Launched on March 20, 1942, the USS Birmingham (CL-62) was a light cruiser of the so-called Cleveland class, named after the first such ship—the USS Cleveland. The Birmingham saw action in the Mediterranean in 1943 and later in the Pacific Theater of Operations, where the ship participated in numerous battles and was heavily damaged on three occasions. The ship was the second ship to bear the name of Alabama's industrial center. The first Birmingham, an armored scout cruiser, served the U.S. Navy from 1908 to 1923. It made history on November 14, 1910, when Eugene Ely made the first airplane take-off from a warship from a modified platform on its deck. Later, the ship participated in the United States' intervention in Vera Cruz, Mexico, and operated in the Atlantic during World War I. A third vessel honored the city, the nuclear powered submarine USS Birmingham (SSN-695), that sailed with the U.S. fleet from 1977 to 1997.
The USS Birmingham (CL-62) was constructed by the Newport News Shipbuilding and Dry Dock Company in Virginia. The ship was designated a light cruiser not because of its displacement, but rather because of the limited size of its main guns. The Birmingham's main armament consisted of four turrets with three six-inch guns and six secondary turrets of dual-mounted five-inch guns. Displacing 10,000 tons, the Birmingham was 610 feet long, 66 feet wide, capable of speeds of up to 33 knots per hour, and crewed by 1,200 officers and men. Coincidentally, more than a dozen of her crew hailed from their ship's namesake city.
The Navy commissioned the Birmingham on January 29, 1943, and placed the ship under the command of Captain John E. Wilkes, a 1916 graduate of the U.S. Naval Academy. Five months later, the ship sailed for the Mediterranean, where it joined other warships staging for Operation Husky—the invasion of Sicily. The Birmingham's baptism of fire came on July 10, 1943, when the ship shelled German and Italian positions near Licata, Sicily, in support of the Third Infantry Division's landing. The vessel suffered its first casualty that day as well, when Mackey Prutilpac, a radio operator and gunner serving on one of Birmingham's OS2U Kingfisher spotter planes, was killed by friendly fire.
After the Sicily operation, the Birmingham returned to the United States barely long enough to pick up a new captain, Thomas Inglis, a 1918 graduate of the U.S. Naval Academy. Under Inglis's command, the Birmingham traversed the Panama Canal and sailed to Hawaii. From there, the cruiser supported raids on the Japanese-held islands of Tarawa and Wake. The ship then sailed south to the Solomon Islands (made famous by land and sea battles over Guadalcanal), northeast of Australia. The ship's first real action against the Japanese came on the evening of November 8-9, 1943, when the Birmingham and a collection of other warships came under attack by enemy planes after escorting a convoy of troops to the Solomon island of Bougainville. Birmingham's gunners shot down at least four enemy aircraft but suffered three hits in return, likely two bombs and an aerial torpedo. The ship's casualties included two killed and 34 wounded.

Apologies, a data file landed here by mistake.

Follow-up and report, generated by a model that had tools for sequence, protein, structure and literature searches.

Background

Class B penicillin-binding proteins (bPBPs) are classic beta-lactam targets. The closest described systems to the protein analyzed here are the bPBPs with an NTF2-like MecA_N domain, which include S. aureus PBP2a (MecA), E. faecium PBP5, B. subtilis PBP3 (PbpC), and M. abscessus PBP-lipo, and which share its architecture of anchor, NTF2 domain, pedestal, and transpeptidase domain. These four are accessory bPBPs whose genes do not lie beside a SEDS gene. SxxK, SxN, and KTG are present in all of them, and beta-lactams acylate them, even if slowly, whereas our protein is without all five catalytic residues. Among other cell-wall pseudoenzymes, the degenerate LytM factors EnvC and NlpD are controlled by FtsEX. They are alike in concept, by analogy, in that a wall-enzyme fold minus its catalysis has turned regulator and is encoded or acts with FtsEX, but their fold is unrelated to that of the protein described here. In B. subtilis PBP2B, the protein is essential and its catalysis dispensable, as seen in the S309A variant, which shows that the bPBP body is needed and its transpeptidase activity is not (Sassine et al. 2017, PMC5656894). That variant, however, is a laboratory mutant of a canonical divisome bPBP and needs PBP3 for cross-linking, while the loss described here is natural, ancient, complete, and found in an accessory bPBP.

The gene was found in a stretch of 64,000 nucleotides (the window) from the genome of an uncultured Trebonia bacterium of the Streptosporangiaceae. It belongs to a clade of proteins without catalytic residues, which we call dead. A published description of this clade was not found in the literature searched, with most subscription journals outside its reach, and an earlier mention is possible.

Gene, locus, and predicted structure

The Birmingham sailed to California for repairs and rejoined the fleet in the spring of 1944, providing fire support in the invasions of Saipan, Tinian, and Guam. The crew also weathered a dysentery epidemic on board and helped rescue the crippled cruiser USS Houston (CL-81) off the coast of Formosa (now Taiwan). The greatest challenge, however, came on October 24, 1944, when the Birmingham drew alongside the light carrier USS Princeton (CVL-23) which had been set ablaze by a Japanese dive bomber during the Battle of Leyte Gulf.
On board the Birmingham, sailors manned fire hoses and sprayed water on the flaming carrier's decks. For a time, it seemed as though their efforts were succeeding, but then one of the Princeton's bomb magazines exploded, tearing apart the rear of that ship. The Birmingham was enveloped in the blast and battered with lethal chunks of shrapnel and debris. "The carnage on board the Birmingham was something terrible," Inglis wrote after the war. In the bloody aftermath of the explosion, it was difficult to even determine an accurate casualty count but, according to the ship's post-war cruise book, 239 men died, 408 were wounded, and the bodies of four were never recovered. Once again, the Birmingham was forced out of the war, but only temporarily. The ship returned to service the following year in time to support the invasions of Iwo Jima and Okinawa, earning an eighth and a ninth battle star for that service.
During the campaign for Okinawa, disaster struck again, this time in the form of a kamikaze attack. On May 4, 1945, a Japanese pilot smashed his aircraft into the cruiser just aft of the No. 2 turret. His aircraft's bomb punched through three decks and detonated in the heart of the ship's sick bay. The resulting explosion killed 45 men and wounded another 83. By the time Birmingham completed repairs and returned to the Pacific, the war was over. The ship participated in closing down U.S. military bases in Australia and returned to California on March 22, 1946. Within a year, the Navy decommissioned the Birmingham and on December 9, 1959, sold it for scrap. In 2006, some two dozen veterans of the ship gathered in the city of Birmingham to remember their service on the warship that bore that city's name.